3 Common Mistakes that Detract From Your Professionalism – And How To Avoid Them

Professionalism is More Important Than Ever

Professional ethics is front and center in today’s news, and will likely remain so for quite some time.  In the dog training world, the majority of the most well-known certifying bodies contain statements of ethical guidelines its certificants are supposed to follow.   But professionalism reaches beyond what’s covered in most of those ethical statements.

In this article we have three examples of mistakes we see all the time that in our view detract from one’s professional image.  We find it helpful to put ourselves in the shoes of clients or other professionals who are visiting our website, watching our videos, reading our business brochure or business card, or listening to our telephone voicemail greeting.  Will what they hear, see, and read make them more or less likely to hire us?  Will the image we project be of a thoughtful person who will be polite and respectful to them and/or their clients?

Name Calling

If visitors see examples of name calling on your website, it’s easy for them to conclude the same thing could happen to them if you don’t approve of something they do or have done.  Labeling a technique, procedure, or training tool cruel for example is something we’ve read on many blogs.  Ignoring the criteria by which that judgement is made for the moment, calling XYZ tool cruel is inextricably intertwined with judging the people who use that tool as well.  That’s why it’s easy for criticism about tools and techniques to become personal.

Many of the ethics documents from certifying sites include statements about refraining from public defamation of colleagues, – but it’s not clear whether this is meant to apply to specific, named individuals or if it also applies to a group, as in the above example.

There is danger in using emotionally laden words like cruel and cruelty.  Depending on the tool or technique you are referring to, it’s quite possible potential clients reading your website may have used that tool.  The immediate assumption is that if you make a general statement saying a piece of equipment is cruel, then that must also mean they are cruel for using it.  Will that make them more, or less likely to hire you to help their dog?  You may be turning off the very people who might need you the most.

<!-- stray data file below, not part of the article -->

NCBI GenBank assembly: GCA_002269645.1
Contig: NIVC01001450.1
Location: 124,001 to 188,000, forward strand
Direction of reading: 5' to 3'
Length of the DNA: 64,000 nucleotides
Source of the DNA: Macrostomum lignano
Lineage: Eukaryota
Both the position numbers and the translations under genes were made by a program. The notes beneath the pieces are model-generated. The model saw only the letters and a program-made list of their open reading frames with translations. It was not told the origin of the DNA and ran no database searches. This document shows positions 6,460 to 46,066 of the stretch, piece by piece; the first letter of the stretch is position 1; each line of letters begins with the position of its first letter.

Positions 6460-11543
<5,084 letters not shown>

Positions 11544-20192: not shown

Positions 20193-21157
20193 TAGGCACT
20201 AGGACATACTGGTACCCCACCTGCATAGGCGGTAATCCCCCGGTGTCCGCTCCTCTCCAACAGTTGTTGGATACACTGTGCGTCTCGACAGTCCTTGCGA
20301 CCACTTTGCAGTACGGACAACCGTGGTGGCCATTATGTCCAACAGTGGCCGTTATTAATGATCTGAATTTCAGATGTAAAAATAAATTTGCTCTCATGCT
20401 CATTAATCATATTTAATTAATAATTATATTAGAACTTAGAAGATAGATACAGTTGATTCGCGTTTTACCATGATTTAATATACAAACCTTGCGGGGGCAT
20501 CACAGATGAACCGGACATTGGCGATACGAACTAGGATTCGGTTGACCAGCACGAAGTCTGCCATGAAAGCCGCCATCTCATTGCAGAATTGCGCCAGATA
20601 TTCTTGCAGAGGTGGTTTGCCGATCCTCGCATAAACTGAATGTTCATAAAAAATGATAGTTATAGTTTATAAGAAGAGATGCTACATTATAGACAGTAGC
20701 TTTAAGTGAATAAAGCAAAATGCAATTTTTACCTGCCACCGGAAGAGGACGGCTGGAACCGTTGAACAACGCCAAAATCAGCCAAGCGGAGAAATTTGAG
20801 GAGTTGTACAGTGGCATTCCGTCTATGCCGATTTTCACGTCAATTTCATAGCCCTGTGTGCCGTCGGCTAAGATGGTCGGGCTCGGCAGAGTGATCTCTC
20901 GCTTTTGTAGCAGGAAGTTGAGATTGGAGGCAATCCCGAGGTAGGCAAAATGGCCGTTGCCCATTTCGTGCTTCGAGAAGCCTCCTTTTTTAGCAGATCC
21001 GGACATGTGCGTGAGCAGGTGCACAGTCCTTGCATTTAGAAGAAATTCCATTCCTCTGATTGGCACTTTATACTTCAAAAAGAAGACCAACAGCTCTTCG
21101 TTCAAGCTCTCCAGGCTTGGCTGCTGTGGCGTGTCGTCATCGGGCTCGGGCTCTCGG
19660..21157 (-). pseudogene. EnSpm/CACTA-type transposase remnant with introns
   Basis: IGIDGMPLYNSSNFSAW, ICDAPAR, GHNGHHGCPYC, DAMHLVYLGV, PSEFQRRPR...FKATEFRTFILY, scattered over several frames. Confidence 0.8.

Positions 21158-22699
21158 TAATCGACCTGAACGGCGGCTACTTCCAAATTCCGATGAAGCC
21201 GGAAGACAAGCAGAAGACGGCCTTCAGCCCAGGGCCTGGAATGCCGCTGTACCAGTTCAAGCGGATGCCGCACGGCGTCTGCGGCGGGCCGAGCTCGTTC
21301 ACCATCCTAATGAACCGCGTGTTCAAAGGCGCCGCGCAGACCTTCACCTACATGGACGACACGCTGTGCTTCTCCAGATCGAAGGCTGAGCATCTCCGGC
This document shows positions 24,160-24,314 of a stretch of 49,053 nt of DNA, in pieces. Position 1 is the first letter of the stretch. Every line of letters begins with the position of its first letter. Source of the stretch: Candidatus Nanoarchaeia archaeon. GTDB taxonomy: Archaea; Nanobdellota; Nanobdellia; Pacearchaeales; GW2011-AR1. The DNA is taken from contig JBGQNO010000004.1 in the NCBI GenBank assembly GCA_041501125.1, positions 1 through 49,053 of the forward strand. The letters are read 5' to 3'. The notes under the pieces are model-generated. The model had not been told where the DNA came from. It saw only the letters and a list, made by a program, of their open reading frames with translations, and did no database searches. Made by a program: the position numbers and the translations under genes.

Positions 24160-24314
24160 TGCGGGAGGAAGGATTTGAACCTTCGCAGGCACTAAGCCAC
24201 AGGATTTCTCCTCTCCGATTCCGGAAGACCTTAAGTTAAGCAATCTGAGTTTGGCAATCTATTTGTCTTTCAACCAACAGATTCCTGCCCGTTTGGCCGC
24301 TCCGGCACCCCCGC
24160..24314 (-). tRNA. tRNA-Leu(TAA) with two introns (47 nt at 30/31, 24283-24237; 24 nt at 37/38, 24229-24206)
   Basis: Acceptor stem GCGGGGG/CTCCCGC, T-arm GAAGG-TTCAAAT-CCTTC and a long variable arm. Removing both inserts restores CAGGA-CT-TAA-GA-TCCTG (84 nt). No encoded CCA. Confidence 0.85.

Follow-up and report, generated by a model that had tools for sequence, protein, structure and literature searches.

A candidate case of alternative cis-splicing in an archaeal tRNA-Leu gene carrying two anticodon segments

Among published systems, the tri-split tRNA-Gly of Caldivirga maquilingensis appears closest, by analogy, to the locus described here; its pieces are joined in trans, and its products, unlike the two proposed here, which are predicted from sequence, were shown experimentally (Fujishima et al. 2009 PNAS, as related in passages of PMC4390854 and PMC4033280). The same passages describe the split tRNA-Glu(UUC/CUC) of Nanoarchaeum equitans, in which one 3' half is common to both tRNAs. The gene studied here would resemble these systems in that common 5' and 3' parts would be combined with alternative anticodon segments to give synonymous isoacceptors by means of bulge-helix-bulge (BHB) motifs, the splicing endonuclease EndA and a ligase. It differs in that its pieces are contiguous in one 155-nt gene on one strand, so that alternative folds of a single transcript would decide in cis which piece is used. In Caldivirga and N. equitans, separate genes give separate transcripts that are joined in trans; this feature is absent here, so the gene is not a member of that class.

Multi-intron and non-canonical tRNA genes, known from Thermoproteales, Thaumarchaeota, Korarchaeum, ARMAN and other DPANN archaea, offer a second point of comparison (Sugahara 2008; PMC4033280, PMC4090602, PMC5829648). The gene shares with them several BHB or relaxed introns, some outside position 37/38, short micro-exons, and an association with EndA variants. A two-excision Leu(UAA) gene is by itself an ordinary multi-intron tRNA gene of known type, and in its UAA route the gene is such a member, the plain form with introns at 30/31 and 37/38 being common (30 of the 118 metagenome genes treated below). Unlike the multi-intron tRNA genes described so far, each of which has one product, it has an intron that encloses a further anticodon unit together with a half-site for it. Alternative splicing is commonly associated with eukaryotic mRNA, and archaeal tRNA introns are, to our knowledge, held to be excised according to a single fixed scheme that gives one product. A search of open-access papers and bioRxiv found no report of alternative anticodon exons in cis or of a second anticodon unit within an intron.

That leads us into the second mistake to avoid.

Making Exaggerated Claims

So let’s continue the thread from above using choke chains as an example.  First, we haven’t used them in years.  But decades ago when Suzanne was showing her first Dalmatian in conformation, choke chains were the norm.  Many dogs wore them at dog shows, and while we saw them used in ways we never did, we also saw them used in ways that in our opinion, would not come close to being cruel.

So if we read that choke chains are cruel, and we used them years ago – the implication is that the writer of that claim would label us cruel people.  Are we likely to feel comfortable working with a person who might hold that opinion of us if we share that we’ve used choke chains?

Similarly, while we don’t use remote training collars, we’ve seen them referred to as “electrocution collars”.  Do you think a dog owner would find that statement credible?  How many people have read about dogs being electrocuted by a remote training collar?

Making over-reaching claims and statements about methods and equipment you don’t like often doesn’t convince people not to use them, but instead detracts from legitimate concerns about the tools.